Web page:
When the season had ended, Robinson accepted the invitation to play three homes games for Everton beginning on 18 May, with a 2-0 win over Darwen. He then took part in the game against Preston North End, a 3-1 defeat, and ended his sojourn with a 1-0 victory against Accrington.


Although football is supposed to have given way to cricket, the supporters of Everton turned up to the strength of 7,000 at Anfield, on Saturday, to welcome Darwen on their first appearance. The ground was in first class order. The visitors had their full strength, while Facitt, Almond, and Bethell Robinson substituted the home ranks…..

…..Changing over, both teams started strongly, but it was soon perceptible that the players were labouring under the heat. Both goals were visited, but no further scoring took place, which was mainly due to the fine defensive work of J. Mardsen for Darwin, and Almond, Dobson, and Robinson for Everton, a pleasant game thus ending in another win for the Anfieldites by 2 goals to nil.

The Liverpool Mercury, May 20 1889.

Although, in contrast The Loiterer reported,

For the home team, Smalley was in good form, the few shots he had to negotiate being of the difficult order, and he cleared on one occasion marvelously. It was also Dobson’s day out, his kicking being more accurate, and some of his shots being dangerous ones. Bethell Robinson seemed to be out of practice and his kicking was very weak.

Athletic News, Monday 20 May 1889

Following a 1-3 home defeat against Preston North End the press reported,

It will not be smiles here to comment on some of the players who appeared in Everton colours on Monday night…. George Haworth and Almond were in fine form, but Bethell Robinson was not.

Liverpool Mercury, May 21 1889

It was as strong a team as they could very well get together, and Everton had the assistance of Almond, George Howarth and Bethell Robinson. Of this lot “Jud” took the palm, although Almond played a fine game. Bethell Robinson was hardly up to his best form.

Mickey Free, Cricket and Football Field, Saturday 25 May 1889

His performance the following week in a 1-0 victory against Accrington in the third end-of-season exhibition match at Anfield was better, but still not good enough it seems to keep him at the club.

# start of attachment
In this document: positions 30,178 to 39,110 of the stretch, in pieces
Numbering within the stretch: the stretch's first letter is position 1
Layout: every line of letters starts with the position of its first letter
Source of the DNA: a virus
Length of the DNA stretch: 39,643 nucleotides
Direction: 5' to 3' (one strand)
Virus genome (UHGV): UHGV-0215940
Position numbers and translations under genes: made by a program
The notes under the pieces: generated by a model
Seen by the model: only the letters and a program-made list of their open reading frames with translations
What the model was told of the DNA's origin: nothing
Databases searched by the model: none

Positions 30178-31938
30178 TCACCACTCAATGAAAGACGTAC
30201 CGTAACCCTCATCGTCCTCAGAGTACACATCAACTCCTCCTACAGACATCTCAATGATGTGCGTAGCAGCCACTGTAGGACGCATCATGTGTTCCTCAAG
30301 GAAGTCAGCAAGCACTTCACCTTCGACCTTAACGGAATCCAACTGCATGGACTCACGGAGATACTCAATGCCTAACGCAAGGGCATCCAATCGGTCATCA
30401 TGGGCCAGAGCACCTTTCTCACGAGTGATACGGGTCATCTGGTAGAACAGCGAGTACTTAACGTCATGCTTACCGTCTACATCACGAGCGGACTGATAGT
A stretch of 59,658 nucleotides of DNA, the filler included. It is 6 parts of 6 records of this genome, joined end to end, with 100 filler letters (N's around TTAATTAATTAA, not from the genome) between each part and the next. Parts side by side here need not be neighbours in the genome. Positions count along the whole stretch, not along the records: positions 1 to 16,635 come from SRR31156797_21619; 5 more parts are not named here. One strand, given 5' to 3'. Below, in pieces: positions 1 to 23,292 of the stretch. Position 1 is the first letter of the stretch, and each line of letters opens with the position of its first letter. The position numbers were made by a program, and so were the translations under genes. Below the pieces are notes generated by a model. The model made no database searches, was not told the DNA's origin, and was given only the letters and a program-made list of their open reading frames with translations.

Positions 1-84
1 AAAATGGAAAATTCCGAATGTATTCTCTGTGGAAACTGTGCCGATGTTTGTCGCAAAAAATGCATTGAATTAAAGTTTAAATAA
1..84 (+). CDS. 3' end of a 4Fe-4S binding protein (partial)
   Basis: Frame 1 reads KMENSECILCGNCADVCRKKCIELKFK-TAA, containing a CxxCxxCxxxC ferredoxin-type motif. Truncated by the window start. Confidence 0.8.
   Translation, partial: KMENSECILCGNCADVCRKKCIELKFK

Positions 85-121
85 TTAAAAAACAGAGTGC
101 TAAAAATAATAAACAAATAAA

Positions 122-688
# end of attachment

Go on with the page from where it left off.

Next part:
During the 1890-91 season, Robinson adopted a roving commission and played at several different locations. On 11 October, he played for Bootle as they beat Newton Heath 3-0 in a Football Alliance match. Two weeks later he appeared for Newton Heath as they were beaten 6-1 in a hastily arranged friendly home game with Darwen. Robinson took part in the West Bromwich Albion FA Cup campaign and was in the side that was beaten in the semi-final 3-2 by Blackburn Rovers at Stoke.

The Crown and Cushion had become a magnet for football fans from all over Lancashire, and no visit to Bolton was complete without calling in for a pint at “Bethell’s” to catch up on the latest gossip. Robinson was at this location when the 1891 census was taken and it revealed that he now had four children and employed two people who resided on the premises. In the August of 1891, Robinson signed for Lancashire League side Fleetwood Rangers, where he spent the season.

Next, he signed for Southport Central and appeared against Liverpool at Anfield in the Lancashire Cup. In December of that year he returned to Fleetwood and made a second appearance at Anfield in a Lancashire League match. He later retired from the game. The 1901 census showed that a fifth child had been added to the Robinson family who were now residing in London at 40 Oxford Street, Chiswick.

The head of the household, who was by now a widower, declared himself to be a turf accountant. Robinson was living as a boarder in London when news reached him in October 1917 of the death of his only son, Bethel, who was serving with the 15th Battalion (City of London) Civil Service Rifles. He is buried at Kantara Memorial Cemetery in Egypt. Robinson senior later retired to Westcliffe-on-Sea in Essex where he died 26 October 1933.

By Tony Onslow